Instant Army

There was one respect, however, in which Odyssey had more instants than almost any other set. We only rarely make creatures that can be played whenever you can play an instant because 1) the fact that you can play creatures only during your own turn does a lot of the work of defining the natural ebb and flow of the game’s turns, and 2) when we do make creatures that can be played as instants, it takes a full sentence of awkward-sounding text to do it (“You may play CARDNAME any time you could play an instant”). In Odyssey, however, we wanted to do creatures with flashback. Since you have to remove a flashback spell from the game the second time you play it, the spell card itself can’t represent the creature. So the best way to do flashback creatures was as spells that put tokens into play. Anyway, once you have a bunch of “creatures” that are actually spells which put tokens into play, it’s really easy to turn them into creatures that can be played at instant speed. All you have to do is change one word: “Sorcery” becomes “Instant” on the card type line. That’s why green got both Elephant Ambush and Beast Attack – more instant speed creatures than a color has ever gotten in one set before. However, two instant-speed creatures wasn’t enough to overcome the fact that so much of the creature removal happened at sorcery speed, and we wound up with the least interaction since the Urza-block era “Combo Winter.”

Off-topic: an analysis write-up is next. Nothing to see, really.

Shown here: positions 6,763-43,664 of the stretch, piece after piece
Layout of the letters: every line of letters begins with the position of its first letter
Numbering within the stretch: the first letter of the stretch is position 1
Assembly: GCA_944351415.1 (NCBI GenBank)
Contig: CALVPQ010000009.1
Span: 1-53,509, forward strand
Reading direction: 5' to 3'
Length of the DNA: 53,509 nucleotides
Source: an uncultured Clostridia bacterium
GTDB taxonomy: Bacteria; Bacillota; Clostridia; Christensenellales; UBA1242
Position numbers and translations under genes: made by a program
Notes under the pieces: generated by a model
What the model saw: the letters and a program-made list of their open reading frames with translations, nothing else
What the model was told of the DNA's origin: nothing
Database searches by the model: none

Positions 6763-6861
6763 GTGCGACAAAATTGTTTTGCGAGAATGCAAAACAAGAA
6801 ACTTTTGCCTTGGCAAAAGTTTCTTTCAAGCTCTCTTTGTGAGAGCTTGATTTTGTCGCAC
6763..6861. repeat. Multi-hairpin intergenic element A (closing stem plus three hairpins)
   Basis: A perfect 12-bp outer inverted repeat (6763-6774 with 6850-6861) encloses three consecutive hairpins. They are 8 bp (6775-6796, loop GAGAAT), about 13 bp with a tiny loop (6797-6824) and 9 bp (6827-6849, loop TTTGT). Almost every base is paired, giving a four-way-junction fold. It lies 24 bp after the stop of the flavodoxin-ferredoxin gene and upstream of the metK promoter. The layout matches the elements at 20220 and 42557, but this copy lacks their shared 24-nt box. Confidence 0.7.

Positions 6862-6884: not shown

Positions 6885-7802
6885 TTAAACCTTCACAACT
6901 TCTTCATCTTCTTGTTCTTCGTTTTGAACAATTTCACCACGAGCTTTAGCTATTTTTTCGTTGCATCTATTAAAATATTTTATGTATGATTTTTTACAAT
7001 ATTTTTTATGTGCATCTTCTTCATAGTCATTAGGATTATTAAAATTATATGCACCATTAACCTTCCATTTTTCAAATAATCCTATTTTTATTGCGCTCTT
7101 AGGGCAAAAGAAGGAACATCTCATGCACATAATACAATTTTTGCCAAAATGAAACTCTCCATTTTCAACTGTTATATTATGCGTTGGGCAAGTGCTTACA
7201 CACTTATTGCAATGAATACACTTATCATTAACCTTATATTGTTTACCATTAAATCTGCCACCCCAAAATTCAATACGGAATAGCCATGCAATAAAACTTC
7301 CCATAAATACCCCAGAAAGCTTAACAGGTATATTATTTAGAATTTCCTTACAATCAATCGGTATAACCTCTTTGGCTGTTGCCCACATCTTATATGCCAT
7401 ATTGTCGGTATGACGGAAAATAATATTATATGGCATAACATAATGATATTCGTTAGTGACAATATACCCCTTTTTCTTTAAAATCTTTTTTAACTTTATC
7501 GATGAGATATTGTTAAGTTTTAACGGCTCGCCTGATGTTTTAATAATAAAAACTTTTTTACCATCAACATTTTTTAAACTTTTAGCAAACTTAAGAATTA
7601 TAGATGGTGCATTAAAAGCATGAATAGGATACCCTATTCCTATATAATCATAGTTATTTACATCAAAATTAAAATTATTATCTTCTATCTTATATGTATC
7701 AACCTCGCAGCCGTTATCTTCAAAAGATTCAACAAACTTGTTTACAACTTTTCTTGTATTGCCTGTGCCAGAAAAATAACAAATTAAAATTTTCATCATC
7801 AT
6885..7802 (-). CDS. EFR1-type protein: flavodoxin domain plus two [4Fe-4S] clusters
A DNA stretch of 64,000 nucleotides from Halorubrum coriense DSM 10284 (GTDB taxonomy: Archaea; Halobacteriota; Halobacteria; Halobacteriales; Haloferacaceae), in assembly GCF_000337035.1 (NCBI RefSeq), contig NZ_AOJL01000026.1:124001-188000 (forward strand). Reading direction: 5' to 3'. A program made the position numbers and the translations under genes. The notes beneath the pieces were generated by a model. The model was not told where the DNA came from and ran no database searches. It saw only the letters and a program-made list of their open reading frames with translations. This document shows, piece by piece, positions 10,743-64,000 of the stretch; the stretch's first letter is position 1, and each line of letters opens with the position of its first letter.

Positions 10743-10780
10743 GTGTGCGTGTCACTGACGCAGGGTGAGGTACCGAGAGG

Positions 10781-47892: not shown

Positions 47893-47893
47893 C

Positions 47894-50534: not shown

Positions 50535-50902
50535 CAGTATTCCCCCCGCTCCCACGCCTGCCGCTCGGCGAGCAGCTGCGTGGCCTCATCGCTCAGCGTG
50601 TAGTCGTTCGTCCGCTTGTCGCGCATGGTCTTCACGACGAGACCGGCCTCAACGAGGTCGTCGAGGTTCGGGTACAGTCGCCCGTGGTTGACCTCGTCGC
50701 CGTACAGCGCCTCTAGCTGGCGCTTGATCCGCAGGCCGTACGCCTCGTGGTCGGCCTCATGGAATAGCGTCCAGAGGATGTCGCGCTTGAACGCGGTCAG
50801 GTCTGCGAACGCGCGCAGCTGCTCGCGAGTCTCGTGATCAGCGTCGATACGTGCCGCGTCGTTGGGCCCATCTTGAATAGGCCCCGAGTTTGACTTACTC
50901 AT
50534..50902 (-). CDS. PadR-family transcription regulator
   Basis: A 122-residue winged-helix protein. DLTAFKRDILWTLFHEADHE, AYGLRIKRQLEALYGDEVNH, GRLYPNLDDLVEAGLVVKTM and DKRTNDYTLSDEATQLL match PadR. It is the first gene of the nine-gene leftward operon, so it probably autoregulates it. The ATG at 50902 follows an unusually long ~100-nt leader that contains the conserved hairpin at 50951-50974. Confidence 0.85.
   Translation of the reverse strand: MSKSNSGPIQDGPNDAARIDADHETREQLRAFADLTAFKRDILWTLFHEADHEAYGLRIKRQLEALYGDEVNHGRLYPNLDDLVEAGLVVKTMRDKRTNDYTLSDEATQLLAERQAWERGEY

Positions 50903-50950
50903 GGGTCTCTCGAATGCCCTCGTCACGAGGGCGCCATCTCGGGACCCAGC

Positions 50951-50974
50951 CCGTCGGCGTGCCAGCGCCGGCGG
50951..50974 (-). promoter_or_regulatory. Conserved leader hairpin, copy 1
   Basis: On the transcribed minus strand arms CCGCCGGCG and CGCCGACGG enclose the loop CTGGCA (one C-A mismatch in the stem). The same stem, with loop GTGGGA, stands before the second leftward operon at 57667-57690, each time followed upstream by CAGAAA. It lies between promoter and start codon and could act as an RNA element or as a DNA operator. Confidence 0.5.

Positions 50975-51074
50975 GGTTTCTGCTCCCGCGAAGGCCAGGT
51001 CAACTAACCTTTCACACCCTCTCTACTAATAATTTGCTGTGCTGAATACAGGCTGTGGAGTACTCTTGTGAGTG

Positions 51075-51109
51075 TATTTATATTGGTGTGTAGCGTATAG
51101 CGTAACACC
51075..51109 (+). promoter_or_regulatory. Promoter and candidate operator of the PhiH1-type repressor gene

Moving Ahead

Having noticed this small flaw in the Odyssey block, we paid a lot of attention to the instants in the Onslaught block. Since we knew going in that Legions would be an all-creature set, we also knew we had to go out of our way to make sure Onslaught and Scourge had extra heaping helpings of interesting instants, including cards with cycling triggers. I’m not sure how much this extra attention and insight had to do with it, but the Onslaught block does indeed seem to be more fun than the Odyssey block was.

In summary, instants may be cool and fun and powerful, but that’s only because the game has so many things that you can only do during your own turn. The existence of creatures, artifacts, enchantments, and sorceries sets the stage for instants to shine. From a development point of view, it’s important for us to keep all these issues in mind and try to make sure the game has enough things going on at instant speed to be interactive, but not so many that the game loses its basic structure. As usual, our goal is to keep things properly balanced.

Last Week's Poll:

What do you think of the upcoming set size changes?
Thumbs up 6795 62.5%
Makes no difference to me 2972 27.4%
Thumbs down 1098 10.1%
Total 10865 100.0%

Glad so many of you like the idea!

Randy may be reached at latestdevelopments@wizards.com.